Overwhelming backing for return from Chagossians in new Government report
98 per cent of Chagossians back resettlement of their homeland, according to the summary of an official UK Government consultation with the Chagossian community published on 21st January.
This puts paid to doubts Government Ministers had raised over Chagossian demand for resettlement.
The summary document also acknowledges a “range of practical [professional] skills” which Chagossians could utilise in a renewed economy on the islands.
The report also indicates Chagossians' ambitions to build a career developing their society, stating that “many indicated they would seek training in other areas including tourism, environmental management, and Territory administration.”
“This shows Chagossians have the enthusiasm, skills and determination to make return a reality,” commented UK Chagos Support Association Committee Chair Stefan Donnelly. “Now we just need the Government to make history and give a measure of justice to people too long denied their basic rights, as UK citizens and human beings."
Stefan also reflected that Chagossians' positive response can be seen in the number who would seek work with the US military base or British Indian Ocean Territory's administration (70 per cent of respondents stated they would consider working in such a capacity)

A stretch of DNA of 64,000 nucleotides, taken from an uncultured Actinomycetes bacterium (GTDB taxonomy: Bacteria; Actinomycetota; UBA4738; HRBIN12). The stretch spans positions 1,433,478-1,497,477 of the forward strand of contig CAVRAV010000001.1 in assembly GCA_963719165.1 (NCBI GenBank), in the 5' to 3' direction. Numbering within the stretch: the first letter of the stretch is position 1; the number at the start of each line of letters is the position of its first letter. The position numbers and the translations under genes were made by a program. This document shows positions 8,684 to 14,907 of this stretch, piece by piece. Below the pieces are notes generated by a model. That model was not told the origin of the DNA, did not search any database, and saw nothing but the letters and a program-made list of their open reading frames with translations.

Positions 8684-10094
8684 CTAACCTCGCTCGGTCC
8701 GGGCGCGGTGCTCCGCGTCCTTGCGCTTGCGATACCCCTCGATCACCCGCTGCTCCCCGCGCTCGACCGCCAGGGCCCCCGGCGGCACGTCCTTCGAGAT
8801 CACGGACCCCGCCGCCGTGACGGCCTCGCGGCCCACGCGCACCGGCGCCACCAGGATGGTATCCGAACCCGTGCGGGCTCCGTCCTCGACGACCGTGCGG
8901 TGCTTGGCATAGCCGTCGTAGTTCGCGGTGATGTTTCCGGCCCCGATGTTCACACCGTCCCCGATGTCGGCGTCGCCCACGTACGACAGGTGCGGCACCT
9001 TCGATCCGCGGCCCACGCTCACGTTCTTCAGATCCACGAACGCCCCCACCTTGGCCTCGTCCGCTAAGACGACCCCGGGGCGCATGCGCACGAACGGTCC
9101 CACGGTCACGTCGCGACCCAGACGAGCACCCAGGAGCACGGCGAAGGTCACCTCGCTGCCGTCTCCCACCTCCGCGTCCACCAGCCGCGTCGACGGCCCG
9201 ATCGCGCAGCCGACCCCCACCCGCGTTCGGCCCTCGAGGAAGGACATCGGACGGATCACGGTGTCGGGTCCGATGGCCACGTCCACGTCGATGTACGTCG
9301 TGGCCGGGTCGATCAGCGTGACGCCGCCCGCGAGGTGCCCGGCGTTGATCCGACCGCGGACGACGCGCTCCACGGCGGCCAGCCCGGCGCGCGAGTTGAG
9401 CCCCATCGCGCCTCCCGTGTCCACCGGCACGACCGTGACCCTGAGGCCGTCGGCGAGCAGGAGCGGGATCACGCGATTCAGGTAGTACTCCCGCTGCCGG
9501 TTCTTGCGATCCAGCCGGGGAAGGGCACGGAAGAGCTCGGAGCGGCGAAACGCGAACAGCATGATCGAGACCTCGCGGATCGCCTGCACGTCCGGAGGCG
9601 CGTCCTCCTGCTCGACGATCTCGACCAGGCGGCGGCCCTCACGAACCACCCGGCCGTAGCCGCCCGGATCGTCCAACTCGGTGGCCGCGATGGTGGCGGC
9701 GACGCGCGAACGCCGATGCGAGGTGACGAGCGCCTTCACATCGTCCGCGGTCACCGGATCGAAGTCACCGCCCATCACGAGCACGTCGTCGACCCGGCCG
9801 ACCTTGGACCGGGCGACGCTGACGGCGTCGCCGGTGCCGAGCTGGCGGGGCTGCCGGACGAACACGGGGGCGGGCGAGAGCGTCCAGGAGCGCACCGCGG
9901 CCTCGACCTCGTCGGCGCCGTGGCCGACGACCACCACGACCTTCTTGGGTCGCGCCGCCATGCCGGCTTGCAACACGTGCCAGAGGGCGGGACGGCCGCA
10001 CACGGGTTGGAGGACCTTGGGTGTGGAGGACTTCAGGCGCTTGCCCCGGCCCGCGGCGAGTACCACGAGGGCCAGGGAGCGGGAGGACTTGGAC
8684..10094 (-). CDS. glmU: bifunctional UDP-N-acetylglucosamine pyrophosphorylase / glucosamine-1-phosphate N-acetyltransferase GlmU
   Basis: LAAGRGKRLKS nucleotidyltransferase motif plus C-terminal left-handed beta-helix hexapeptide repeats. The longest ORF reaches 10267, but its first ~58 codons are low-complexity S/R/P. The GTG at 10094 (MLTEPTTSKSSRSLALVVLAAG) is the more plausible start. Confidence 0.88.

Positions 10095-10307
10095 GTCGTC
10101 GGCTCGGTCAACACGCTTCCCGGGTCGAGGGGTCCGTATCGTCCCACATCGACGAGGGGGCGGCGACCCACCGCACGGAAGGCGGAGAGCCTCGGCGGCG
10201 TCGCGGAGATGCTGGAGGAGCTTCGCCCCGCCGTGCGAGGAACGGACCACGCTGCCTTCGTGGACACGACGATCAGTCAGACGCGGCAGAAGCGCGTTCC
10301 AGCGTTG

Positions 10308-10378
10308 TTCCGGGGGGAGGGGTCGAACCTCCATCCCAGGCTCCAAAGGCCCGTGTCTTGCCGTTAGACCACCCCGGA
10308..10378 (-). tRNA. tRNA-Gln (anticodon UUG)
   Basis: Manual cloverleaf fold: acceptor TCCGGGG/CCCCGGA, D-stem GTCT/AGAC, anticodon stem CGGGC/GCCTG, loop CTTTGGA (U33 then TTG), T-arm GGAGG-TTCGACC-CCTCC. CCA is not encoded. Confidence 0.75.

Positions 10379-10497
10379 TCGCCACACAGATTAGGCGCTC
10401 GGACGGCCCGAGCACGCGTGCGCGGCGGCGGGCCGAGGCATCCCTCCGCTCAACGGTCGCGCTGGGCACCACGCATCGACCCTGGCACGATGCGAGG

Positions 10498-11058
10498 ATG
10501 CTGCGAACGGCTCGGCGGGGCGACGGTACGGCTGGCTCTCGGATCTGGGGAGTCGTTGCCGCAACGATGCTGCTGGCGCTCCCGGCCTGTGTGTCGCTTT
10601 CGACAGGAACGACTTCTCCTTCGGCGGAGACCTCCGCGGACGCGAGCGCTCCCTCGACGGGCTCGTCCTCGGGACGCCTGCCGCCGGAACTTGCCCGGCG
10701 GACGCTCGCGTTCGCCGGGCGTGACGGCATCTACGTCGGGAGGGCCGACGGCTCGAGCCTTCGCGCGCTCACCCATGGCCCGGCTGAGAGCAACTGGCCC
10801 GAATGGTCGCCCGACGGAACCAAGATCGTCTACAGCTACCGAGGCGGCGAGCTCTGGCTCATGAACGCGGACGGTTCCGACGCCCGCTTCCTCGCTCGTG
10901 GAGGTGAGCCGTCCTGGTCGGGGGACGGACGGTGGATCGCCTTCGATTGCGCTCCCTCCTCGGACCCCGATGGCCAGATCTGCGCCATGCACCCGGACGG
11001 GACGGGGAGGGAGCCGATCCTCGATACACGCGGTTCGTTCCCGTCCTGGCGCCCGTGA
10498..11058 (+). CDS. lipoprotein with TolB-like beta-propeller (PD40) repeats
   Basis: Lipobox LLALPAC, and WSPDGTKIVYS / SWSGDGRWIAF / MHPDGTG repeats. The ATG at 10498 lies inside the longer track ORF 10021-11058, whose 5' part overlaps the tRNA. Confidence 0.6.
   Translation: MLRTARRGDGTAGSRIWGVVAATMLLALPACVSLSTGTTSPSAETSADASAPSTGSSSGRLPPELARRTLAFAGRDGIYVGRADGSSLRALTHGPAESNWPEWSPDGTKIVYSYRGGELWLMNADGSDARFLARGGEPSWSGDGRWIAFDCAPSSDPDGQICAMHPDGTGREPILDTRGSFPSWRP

"In spite of the wrongs of the past, this is clear evidence Chagossians' fight resettlement is first and foremost about future opportunities."
The summary of the consultation responses can be read in full here. (please note some comments attributed to UK Chagos Support Association were not made by us. We assume this is a simple error and we are following it up with the Foreign Office.)
The consultation process was not perfect and we put a number of questions to the Government at the time. The so-called “realistic descriptions” of resettlement suggested Chagossians return could be on highly restrictive terms. Visitors would be unlikely to be permitted and children unlikely to be allowed to return for at least two years.
With this in mind it shows the remarkable determination of the Chagossian people that 25 per cent said they would be willing to return on these terms.
That is over 200 people willing work to develop a new settlement during the two-year “pilot” period outlined in original consultation document. Such a model is only likely to involve 50 people.
The summary refers to a three-month consultation with Chagossian communities around the world. Following this summary publication, Ministers will continue to look at the data and are expected to come to a decision within months.
We hope Chagossians' enthusiastic, committed and pragmatic attitude to returning to their homeland is reflected in the Government's attitude to ending an half a century of human rights abuse.